When Deng Xiaoping started what is now known as Reform 1.0, he sidelined the State Planning Commission, then the most powerful ministry under the State Council overseeing economic affairs, and set up a State Commission for Economic Restructuring to oversee reform and opening up. The new commission was headed by the then Premier Zhao Ziyang himself and thus known as the “Little State Council.” But whatever power it possessed, it was still only a department under the State Council. In terms of the bureaucratic hierarchy, it couldn’t be mentioned in the same breath with the just-established Leading Group.

The Leading Group on Comprehensively Deepening Reform will take care of reforms in various domains. For instance, that is expected to include political or administrative reform to streamline regional governments, cultural reform, reform of the health care system, reform in environmental protection -- apart from just economic reform.

Needless to say, such comprehensive reforms will inevitably hurt vested interests and thus meet strong resistance from party and government departments and officials. Land reform – giving land to the farmers, which has failed twice, failed because local and township governments are at the fulcrum to carry it out. They would have to accept that their personal fortunes, too often built on either the sale of these lands to developer interests to fill their pockets or to use the funds to power local government are now at risk. This further justifies the need for such a top-level leading group to spear ahead.

There are other hopeful signs, for instance the abolishment of the hated "reeducation through labor" system, commonly known as "Laojiao (勞教)," a system of administrative punishment used to detain persons for minor crimes such as petty theft and prostitution -- as well as to detain religious or political dissidents.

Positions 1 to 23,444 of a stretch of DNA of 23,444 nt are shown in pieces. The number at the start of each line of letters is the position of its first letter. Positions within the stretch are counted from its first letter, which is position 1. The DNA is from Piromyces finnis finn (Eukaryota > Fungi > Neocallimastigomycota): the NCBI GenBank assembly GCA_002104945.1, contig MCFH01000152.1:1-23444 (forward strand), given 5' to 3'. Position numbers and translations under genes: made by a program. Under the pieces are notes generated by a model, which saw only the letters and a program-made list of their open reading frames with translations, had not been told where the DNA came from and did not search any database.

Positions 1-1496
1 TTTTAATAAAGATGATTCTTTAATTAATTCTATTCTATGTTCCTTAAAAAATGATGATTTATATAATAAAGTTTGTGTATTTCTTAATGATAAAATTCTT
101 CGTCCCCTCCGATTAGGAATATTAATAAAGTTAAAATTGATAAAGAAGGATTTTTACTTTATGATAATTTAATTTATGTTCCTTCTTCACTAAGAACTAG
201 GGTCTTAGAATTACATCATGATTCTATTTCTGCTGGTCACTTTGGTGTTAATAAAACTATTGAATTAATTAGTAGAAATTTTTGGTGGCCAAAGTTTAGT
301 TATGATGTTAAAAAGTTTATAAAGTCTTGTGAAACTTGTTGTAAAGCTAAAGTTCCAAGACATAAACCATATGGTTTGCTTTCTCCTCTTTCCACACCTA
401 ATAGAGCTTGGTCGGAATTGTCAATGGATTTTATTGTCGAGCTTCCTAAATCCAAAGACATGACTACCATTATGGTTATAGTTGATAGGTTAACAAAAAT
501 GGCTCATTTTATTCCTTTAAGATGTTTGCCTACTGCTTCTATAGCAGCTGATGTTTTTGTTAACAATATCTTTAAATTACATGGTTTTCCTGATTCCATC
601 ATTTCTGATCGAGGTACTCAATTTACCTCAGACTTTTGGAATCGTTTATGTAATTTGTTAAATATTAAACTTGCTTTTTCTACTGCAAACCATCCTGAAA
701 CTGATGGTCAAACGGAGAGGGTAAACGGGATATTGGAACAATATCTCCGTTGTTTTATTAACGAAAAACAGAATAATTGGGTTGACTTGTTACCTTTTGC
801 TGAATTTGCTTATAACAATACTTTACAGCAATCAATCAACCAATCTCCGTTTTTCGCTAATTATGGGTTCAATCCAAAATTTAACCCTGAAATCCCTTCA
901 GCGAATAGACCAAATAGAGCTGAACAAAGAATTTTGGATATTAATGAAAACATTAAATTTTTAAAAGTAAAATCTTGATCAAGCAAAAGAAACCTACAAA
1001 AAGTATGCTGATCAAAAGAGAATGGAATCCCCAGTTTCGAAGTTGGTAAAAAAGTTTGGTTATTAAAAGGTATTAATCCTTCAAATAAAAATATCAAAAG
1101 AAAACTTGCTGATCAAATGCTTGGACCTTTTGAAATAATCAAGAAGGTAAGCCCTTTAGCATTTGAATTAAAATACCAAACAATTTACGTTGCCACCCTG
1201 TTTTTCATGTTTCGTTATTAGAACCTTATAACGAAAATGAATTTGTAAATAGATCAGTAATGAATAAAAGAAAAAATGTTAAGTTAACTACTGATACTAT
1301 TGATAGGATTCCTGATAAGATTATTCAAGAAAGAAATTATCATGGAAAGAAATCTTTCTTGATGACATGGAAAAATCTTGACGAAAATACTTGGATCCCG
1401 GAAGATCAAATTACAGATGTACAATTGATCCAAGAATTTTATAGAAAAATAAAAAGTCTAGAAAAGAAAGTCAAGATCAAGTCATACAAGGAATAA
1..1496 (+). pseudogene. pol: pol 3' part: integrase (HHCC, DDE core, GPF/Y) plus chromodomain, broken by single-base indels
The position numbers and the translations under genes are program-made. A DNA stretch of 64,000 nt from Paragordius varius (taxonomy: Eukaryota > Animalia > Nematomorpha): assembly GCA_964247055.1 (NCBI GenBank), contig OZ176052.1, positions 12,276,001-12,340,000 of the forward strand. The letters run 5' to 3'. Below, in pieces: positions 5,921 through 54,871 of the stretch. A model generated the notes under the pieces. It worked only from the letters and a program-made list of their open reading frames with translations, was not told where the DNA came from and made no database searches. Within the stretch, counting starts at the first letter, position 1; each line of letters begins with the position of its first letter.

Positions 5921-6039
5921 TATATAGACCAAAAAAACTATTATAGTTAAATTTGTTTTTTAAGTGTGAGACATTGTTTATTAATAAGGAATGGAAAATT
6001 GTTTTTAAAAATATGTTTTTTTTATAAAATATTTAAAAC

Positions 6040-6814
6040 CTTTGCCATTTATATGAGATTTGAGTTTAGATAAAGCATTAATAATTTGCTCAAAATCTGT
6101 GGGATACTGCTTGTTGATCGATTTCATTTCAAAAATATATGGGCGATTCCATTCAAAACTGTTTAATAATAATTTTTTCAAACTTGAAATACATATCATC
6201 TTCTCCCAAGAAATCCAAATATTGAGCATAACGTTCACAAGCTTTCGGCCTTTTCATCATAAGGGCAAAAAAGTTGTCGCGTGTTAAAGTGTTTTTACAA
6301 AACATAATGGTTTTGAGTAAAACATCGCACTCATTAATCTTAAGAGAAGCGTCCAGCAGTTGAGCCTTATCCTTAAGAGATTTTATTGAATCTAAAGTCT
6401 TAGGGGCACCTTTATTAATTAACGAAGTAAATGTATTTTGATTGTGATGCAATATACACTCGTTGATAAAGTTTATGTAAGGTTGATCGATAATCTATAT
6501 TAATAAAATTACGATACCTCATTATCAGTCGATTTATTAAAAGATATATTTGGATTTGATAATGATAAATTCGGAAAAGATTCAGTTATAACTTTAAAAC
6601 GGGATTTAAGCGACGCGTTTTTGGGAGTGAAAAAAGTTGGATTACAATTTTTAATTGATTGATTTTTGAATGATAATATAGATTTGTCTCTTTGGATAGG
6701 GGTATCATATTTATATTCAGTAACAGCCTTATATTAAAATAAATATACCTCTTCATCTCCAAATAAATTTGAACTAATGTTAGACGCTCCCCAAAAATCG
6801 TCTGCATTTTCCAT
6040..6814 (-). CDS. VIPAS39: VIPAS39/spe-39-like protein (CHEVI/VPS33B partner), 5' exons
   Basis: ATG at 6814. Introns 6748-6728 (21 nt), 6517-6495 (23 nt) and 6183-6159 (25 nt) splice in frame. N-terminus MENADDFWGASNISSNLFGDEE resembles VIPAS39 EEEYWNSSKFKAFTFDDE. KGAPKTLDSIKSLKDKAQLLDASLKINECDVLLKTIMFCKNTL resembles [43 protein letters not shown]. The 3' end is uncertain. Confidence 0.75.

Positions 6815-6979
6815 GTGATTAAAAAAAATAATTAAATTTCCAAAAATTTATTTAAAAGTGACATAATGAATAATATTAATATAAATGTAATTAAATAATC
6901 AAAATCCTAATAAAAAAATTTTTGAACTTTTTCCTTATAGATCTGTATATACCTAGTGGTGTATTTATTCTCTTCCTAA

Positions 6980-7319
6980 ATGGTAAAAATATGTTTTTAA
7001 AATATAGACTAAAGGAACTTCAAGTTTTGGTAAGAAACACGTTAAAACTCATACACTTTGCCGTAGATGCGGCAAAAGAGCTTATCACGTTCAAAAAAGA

Since re-education through labor is administrative punishment, it is imposed by the police rather than through the judicial system, typically for one to three years, with the possibility of an additional one-year extension. It allows corrupt government officials and police officers to put away without trial whistleblowers and those who try to complain about them to higher authorities.

Pressure for change in the system has been building for years. There had been speculation before the Plenum that President Xi Jinping at the last minute would be forced to give up his effort to abolish the labor system due to strong interparty opposition. It appears he has won the battle, if there was one.

We agree that easing birth control by allowing one-child couples to give birth to two children probably is not going to have a major effect. Far too many urban couples today, both of whom work, find it difficult to have the space to work children or the money to give them proper educations. Shanghai’s total fertility rate, the number of children a woman can expect to have during her lifetime, was as low as 0.64 in 2002-03, impelling the city to relax its own one-child policy. It has since risen slightly, to 0.79 in the 2010 census, still one of the lowest in the world if not the lowest, China’s own total fertility rate is only 1.55, well below the replacement level of 2.1. The problem has become increasingly more serious, to the point where, under the decision, China will also consider gradually extending the statutory retirement age, from 50 for women and 60 for men.

(Steve Wang is the chief China economist and research director for REORIENT Securities Ltd of Hong Kong and a regular Asia Sentinel contributor)